How To Break Up With Your Financial Advisor

We encounter it often. H.E.N.R.Y.s™ [High Earners, Not Rich Yet] complete the 5-6 week Stash Plan® process and want to sign-up for Stash Management™ (learn more) for year-round support. But despite their enthusiasm to finally receive the level of hand holding they know they deserve, they are afraid/intimidated to kick their current financial advisor to the curb for fear of upsetting them. We get it, if there’s one thing online dating has taught us, it’s that while technology has made it easier to start a relationship, break up is still hard to do!


While it’s rare for a H.E.N.R.Y.™ to have a financial advisor in the first place, many do. If you’re a H.E.N.R.Y. with a financial advisor, it’s likely because you were connected through your parents, or your financial advisor is a friend who was getting started in the business and willing (read: begging) to take on small accounts. The truth is most Wall Street firms don’t want to talk to you unless you have a million dollars, and even if you have a million dollars, you’re like D-List client to them. They’ll take your money, throw it into some investments but then you’ll rarely hear from them again – you’re simply not worth their time.


If this feels familiar, read on for how to break up with your financial advisor in a few quick and painless steps.



You don’t owe them anything. For better or worse, your financial advisor is not a philanthropist. They do what they do because they enjoy helping people but also, to make money! As with all things business, each party is responsible for looking out for themself – that includes you. If you’re feeling compelled to move on from the relationship, trust your gut, there’s probably a good reason. Most commonly, lack of attention or comprehensive financial planning.


Also, your current advisor is used to clients leaving for a multitude of reasons. They will be less offended by it than you think – so don’t stress too much. It’s common and doesn’t mean you don’t like them as a person. You’re just picking a business relationship that better suits your needs.

If there’s one thing online dating has taught us, it’s that while technology has made it easier to start a relationship, breaking up is still hard to do!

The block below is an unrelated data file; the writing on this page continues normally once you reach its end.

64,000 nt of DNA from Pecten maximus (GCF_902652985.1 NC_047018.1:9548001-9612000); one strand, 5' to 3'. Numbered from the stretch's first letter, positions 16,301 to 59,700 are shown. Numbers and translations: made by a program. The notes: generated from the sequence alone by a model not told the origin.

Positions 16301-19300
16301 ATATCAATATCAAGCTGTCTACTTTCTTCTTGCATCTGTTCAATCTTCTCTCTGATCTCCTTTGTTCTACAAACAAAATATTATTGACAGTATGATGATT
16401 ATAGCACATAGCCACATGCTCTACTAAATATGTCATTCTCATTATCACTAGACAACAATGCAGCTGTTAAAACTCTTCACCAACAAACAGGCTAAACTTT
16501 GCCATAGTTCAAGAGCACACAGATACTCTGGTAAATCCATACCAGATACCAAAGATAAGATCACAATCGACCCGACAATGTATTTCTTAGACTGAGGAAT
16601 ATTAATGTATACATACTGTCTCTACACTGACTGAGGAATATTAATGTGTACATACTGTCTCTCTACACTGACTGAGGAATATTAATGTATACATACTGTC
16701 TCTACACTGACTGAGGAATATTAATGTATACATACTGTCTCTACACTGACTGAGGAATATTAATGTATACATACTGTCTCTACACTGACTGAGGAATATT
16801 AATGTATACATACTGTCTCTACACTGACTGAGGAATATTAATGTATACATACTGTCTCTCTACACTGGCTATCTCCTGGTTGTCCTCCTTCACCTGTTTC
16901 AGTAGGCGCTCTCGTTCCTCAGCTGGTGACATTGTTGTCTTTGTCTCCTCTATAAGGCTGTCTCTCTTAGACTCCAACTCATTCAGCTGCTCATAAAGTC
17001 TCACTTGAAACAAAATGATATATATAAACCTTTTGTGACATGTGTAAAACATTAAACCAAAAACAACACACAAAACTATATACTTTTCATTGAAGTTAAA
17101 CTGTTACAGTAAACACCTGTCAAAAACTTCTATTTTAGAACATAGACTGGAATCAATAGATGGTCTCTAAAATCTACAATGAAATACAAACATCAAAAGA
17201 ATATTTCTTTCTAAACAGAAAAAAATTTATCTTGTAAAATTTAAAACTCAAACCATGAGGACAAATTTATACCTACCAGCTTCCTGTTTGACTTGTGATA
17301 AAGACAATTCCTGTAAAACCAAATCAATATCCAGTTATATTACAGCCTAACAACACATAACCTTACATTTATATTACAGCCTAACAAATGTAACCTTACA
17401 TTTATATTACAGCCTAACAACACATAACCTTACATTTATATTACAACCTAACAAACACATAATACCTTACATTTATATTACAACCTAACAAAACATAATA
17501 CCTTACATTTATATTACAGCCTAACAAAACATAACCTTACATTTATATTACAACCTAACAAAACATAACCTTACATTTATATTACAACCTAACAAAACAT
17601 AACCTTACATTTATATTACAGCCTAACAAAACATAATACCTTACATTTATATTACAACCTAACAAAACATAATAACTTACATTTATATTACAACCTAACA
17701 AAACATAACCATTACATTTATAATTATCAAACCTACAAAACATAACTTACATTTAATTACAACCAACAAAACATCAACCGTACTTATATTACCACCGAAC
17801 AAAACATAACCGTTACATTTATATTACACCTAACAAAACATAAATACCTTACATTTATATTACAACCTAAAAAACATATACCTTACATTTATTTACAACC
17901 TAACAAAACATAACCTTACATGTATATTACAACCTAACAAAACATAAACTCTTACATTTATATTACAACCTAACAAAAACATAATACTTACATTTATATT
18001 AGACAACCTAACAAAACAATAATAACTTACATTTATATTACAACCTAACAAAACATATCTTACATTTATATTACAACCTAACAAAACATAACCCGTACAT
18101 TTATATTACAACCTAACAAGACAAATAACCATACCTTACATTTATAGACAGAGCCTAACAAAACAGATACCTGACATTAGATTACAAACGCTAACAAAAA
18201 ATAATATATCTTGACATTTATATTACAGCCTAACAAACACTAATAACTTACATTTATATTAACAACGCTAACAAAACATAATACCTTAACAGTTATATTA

Finally, and not to sound rude, but it might be a relief to them. Management at the big firms regularly encourage Financial Advisors to shed “the bottom tier of their book”. You leaving saves them the logistical practice of “transitioning accounts to a team that can better suit your unique needs” (jargon for handing you off to an advisor that handles small accounts).


2. RIP THE BANDAID (aka send them a goodbye email)

While you’re not obliged to contact your advisor before transitioning your accounts to a new firm, we believe in the Golden Rule. You can either call or email your advisor – but letting them know you’re leaving and why is a nice thing to do. Your new advisor will actually do all the work of transitioning the accounts for you.

A simple email like this would work great…


“Hi <Advisor’s Name> – I am writing to you for two reasons: first, to thank you for your advice and guidance over the years and second, to address next steps in my financial journey. At this time, I’ve decided to move in a different direction and will be moving my account(s) to another institution that I believe is a better fit for me going forward. As a courtesy, I wanted to reach out and notify you as you will be receiving the transfer requests shortly.”


Thank you again,

<Your name>


That’s it…just like removing a Band-Aid, the quicker the better, for all involved.


Note: If you don’t have a specific advisor at your current firm (like Merrill Edge or Betterment), you can skip this step.



The last thing a financial advisor wants is “a dead account” on their books. It’s a compliance issue for the firm of record as well! So once you’ve notified your advisor that you’re moving your accounts, you’ll want to take next steps as soon as possible.


Your new advisor or investment firm will be responsible for all the heavy lifting with regarding to transitioning your accounts over. Transfers typically take 7-10 business days, but sometimes sooner. All interactions from this point forward will be with your new advisor.


Remember, it’s your money and you need to do what’s right for you. Like a bad relationship, staying in it because you want to avoid the breakup is not reason enough.


Want to learn more about how we do things at Stash Wealth? Click here to take our quiz and determine if you’re a H.E.N.R.Y.™ [high earner not rich yet].

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